Alcohol on campus has always been a problem. Since the beginning of higher education, students have rebelled against the rules and laws of the university and the state. Underage drinking has become a nationwide pandemic. With the legal drinking age now at twenty-one, at least half of the college population is underage, leaving room for more students to engage in binge drinking at fraternities, athletic events, and dorm rooms. The fact that half the students are underage makes them more rebellious and wanting to feel above the law, often ending in underage drinking. The articles that will be reviewed and discussed in this paper demonstrate the importance of substance-free residence halls and a survey taken to analyze the effects of alcohol on campus.
Substance-free residence halls are a common piece of the university puzzle. In particular, many of the campuses are considered a “dry campus,” meaning that alcohol is not to be housed or consumed on campus, even if the person is of legal age, twenty-one. Alternately, a “wet campus” means that students who are twenty-one and over can house and consume alcohol within their dormitories. However, most wet campuses do not allow the consumption of alcohol on the grounds, that is, anywhere outside the dormitory facilities. Wet campuses also allow vendors to sell alcohol at university-sponsored events.
Finn brings up several points regarding substance-free residence halls, including the safety of all parties involved, the price of vandalism, and the ultimate purpose for university (1-6).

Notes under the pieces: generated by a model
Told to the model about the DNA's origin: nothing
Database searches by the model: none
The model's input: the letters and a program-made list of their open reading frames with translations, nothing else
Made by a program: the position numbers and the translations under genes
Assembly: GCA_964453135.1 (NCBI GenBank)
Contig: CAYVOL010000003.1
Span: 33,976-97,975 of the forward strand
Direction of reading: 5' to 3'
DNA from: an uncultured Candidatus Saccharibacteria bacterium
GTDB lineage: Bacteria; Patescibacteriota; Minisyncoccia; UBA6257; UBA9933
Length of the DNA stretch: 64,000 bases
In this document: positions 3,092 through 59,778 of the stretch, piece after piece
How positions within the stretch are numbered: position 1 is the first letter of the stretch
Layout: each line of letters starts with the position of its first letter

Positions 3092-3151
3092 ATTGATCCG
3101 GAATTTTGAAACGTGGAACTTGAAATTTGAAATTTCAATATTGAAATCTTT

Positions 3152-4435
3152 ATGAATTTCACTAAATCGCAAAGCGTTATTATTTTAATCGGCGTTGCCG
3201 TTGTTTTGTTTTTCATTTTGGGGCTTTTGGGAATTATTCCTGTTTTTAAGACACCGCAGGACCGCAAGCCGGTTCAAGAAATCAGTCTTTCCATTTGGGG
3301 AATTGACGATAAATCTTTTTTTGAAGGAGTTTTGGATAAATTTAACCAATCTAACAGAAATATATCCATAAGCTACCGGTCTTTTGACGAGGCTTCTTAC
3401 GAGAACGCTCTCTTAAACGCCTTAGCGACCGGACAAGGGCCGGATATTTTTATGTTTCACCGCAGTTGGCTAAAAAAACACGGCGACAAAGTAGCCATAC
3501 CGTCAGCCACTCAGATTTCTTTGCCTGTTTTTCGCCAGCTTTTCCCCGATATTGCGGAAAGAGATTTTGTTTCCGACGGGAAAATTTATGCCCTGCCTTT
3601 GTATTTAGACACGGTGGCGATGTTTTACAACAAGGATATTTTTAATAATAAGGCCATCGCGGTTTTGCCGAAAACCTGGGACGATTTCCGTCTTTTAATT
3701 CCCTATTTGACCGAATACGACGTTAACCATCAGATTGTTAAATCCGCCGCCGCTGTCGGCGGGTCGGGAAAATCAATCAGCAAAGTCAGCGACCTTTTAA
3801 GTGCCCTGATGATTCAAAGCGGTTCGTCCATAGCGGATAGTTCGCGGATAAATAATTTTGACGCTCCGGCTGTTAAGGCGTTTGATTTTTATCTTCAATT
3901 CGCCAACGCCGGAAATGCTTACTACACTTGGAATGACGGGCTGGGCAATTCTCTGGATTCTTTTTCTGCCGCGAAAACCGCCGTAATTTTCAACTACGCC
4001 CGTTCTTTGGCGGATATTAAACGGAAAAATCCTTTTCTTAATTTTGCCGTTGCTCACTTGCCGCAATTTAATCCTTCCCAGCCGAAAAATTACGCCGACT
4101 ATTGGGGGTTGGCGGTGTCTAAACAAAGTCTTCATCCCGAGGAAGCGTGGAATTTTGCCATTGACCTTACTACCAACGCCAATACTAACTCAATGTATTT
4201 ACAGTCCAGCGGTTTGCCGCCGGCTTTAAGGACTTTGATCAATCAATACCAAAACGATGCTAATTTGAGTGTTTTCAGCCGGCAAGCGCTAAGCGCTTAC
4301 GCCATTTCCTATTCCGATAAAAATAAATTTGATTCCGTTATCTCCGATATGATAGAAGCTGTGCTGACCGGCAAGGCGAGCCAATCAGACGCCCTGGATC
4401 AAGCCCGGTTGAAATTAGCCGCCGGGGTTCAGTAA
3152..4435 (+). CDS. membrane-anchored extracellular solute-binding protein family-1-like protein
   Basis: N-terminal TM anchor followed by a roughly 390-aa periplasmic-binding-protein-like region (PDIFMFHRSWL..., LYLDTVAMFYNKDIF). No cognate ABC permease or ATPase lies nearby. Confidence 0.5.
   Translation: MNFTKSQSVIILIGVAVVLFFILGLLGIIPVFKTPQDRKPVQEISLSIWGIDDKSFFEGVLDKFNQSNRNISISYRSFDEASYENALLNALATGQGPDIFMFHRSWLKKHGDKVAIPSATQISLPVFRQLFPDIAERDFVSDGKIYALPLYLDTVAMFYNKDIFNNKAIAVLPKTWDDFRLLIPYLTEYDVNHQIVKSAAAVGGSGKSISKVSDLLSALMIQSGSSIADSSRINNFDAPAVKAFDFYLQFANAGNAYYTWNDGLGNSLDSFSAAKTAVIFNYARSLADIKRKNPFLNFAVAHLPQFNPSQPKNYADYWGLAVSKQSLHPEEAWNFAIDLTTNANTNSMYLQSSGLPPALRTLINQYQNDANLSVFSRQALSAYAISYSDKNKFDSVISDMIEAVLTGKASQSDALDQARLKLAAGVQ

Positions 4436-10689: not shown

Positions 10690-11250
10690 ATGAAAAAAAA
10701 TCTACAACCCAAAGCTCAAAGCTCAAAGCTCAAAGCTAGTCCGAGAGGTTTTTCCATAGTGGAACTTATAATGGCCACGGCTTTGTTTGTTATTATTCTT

A significant number of students who attend a university are susceptible to an increased risk of alcohol abuse because a family member is an alcoholic. This does not mean that simply because a student comes from an alcoholic family, that student will become an alcoholic, too, and vice versa. The Counseling and Psychological Services at the Pennsylvania State University found that twenty percent of its clients are adult children of alcoholics (Finn, 2). The purpose of substance-free residence halls is to promote the healthy habits of its’ students. The campus wants to send the massage to incoming students that the majority of the campus does not participate in binge drinking or drink at all. Many students who answered the survey responded that part of their binge drinking was due to “trying to fit in” and “because everyone else does,” (Weitzman, 31). Substance-free residence halls, where substances are not permitted, provide students a safe place to be who are easily influenced by peer pressure to drink and use other drugs (Finn, 2). Beth Wallace, Director of Health Services at Wofford College in South Carolina said, “By being able to set up an area that is more wellness conscious, we can show that our school supports a wellness norm. We hope the area will grow each year. It is one way in which we can change the whole environment of college to make alcohol a less significant focus of social activity.”